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ЗАДАТЬ ВОПРОС РЕДАКТОРУ РАЗДЕЛА (ответ в течение нескольких дней)

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09 июля 2002 00:00   |   Simon P. Hoerstrup, MD*a, Alexander Kadner, MDa, Christian Breymann, MDa,c,d, Christine F. Maurus, MDa, Christina I. Guenter, MDa, Ralf Sodian, MDc, Jeroen F. Visjager, PhDd, Gregor Zund, MDa, Marko I. Turina, MDa

Living, autologous pulmonary artery conduits tissue engineered from human umbilical cord cells

Background. Tissue engineering represents a promising approach to in vitro creation of living, autologous replacements with the potential to grow, repair, and remodel. Particularly in a congenital operation, there is a substantial need for such implantation materials. We previously demonstrated fabrication of completely autologous, functional heart valves on the basis of peripheral vascular cells. Presently the feasibility of creating pulmonary artery conduits from human umbilical cord cells was investigated.
Methods. Human umbilical cord cells were harvested and expanded in culture. Pulmonary conduits fabricated from rapidly bioabsorbable polymers were seeded with human umbilical cord cells and grown in vitro in a pulse duplicator bioreactor. Morphologic characterization of the generated neo-tissues included histology, transmission, and scanning electron microscopy. Characterization of extracellular matrix was comprised of immunohistochemistry. Extracellular matrix protein content and cell proliferation were quantified by biochemical assays. Biomechanical testing was performed using stress-strain and burst-stress tests.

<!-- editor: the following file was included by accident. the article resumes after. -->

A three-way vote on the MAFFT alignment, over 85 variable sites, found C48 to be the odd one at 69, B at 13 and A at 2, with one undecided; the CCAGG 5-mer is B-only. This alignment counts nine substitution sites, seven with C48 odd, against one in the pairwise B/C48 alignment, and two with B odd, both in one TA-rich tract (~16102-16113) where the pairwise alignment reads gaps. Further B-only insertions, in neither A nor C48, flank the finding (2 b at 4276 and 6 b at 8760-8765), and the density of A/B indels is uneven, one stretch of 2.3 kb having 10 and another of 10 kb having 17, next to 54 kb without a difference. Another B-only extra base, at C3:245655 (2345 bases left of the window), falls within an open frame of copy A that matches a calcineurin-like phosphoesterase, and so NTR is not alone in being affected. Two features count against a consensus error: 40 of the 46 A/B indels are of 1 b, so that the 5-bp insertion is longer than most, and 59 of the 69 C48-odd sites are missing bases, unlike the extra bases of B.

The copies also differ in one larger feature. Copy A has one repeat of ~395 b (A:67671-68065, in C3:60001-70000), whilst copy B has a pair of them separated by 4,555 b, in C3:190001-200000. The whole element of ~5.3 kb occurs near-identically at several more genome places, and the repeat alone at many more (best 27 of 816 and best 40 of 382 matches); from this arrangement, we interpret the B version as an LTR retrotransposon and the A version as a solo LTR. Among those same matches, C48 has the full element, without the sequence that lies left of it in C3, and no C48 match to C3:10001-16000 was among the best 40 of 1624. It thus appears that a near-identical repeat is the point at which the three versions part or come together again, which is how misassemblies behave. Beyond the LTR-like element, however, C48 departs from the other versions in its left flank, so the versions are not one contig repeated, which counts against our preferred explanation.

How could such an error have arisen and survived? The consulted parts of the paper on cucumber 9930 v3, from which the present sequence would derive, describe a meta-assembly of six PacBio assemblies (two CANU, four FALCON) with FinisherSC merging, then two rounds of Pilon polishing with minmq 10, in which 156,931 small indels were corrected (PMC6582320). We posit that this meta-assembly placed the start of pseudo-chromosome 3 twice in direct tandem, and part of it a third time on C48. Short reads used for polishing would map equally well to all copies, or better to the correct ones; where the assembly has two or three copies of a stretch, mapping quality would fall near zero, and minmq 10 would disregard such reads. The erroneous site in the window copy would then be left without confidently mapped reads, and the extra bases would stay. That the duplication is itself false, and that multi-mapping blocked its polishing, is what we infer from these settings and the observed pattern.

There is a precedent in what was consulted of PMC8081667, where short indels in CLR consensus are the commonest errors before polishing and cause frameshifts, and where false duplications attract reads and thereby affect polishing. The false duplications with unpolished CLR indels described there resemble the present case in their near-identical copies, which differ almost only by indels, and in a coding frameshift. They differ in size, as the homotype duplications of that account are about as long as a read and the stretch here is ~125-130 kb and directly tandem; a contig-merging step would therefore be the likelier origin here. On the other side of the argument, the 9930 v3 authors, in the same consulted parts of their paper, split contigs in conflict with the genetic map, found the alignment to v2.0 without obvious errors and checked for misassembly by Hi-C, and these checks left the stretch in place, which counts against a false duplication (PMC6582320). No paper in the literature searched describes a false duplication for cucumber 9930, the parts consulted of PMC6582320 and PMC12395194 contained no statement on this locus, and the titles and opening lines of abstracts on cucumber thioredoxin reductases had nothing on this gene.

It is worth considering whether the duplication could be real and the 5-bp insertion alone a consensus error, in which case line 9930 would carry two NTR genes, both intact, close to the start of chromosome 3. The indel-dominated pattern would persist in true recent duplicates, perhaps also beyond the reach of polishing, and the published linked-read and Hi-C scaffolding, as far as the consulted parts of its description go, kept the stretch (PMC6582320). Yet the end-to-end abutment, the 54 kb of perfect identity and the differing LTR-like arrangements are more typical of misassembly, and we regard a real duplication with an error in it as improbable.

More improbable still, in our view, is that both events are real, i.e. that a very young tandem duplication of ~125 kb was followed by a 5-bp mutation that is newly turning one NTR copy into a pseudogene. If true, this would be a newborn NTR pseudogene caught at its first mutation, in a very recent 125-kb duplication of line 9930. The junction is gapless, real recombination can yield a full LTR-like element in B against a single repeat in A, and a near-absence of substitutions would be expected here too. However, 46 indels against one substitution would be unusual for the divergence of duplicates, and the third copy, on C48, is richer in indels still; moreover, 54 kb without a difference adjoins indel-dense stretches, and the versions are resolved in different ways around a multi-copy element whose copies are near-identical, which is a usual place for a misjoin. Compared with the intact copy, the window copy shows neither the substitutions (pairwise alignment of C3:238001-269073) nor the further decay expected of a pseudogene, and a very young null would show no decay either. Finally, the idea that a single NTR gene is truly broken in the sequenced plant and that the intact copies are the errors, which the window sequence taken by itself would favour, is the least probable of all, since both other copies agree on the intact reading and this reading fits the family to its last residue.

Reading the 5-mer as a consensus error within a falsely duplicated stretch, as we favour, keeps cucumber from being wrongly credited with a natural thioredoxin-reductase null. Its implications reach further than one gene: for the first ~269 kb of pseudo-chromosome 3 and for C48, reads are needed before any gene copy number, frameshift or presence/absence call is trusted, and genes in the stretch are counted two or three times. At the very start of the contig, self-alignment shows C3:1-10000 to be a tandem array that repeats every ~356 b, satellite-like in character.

Results. Histology of the conduits revealed viable, layered tissue and extracellular matrix formation with glycosaminoglycans and collagens I and III. Cells stained positive for vimentin and alpha-smooth muscle actin. Scanning electron microscopy showed confluent, homogenous tissue surfaces. Transmission electron microscopy demonstrated elements typical of viable myofibroblasts, such as collagen, fibrils, and elastin. Extracellular matrix proteins were significantly lower compared with native tissue; the cell content was increased. The mechanical strength of the pulsed constructs was comparable with native tissue; the static controls were significantly weaker.
Conclusions. In vitro fabrication of tissue-engineered human pulmonary conduits was feasible utilizing human umbilical cord cells and a biomimetic culture environment. Morphologic and mechanical features approximated human pulmonary artery. Human umbilical cord cells demonstrated excellent growth properties representing a new, readily available cell source for tissue engineering without necessitating the sacrifice of intact vascular donor structures.

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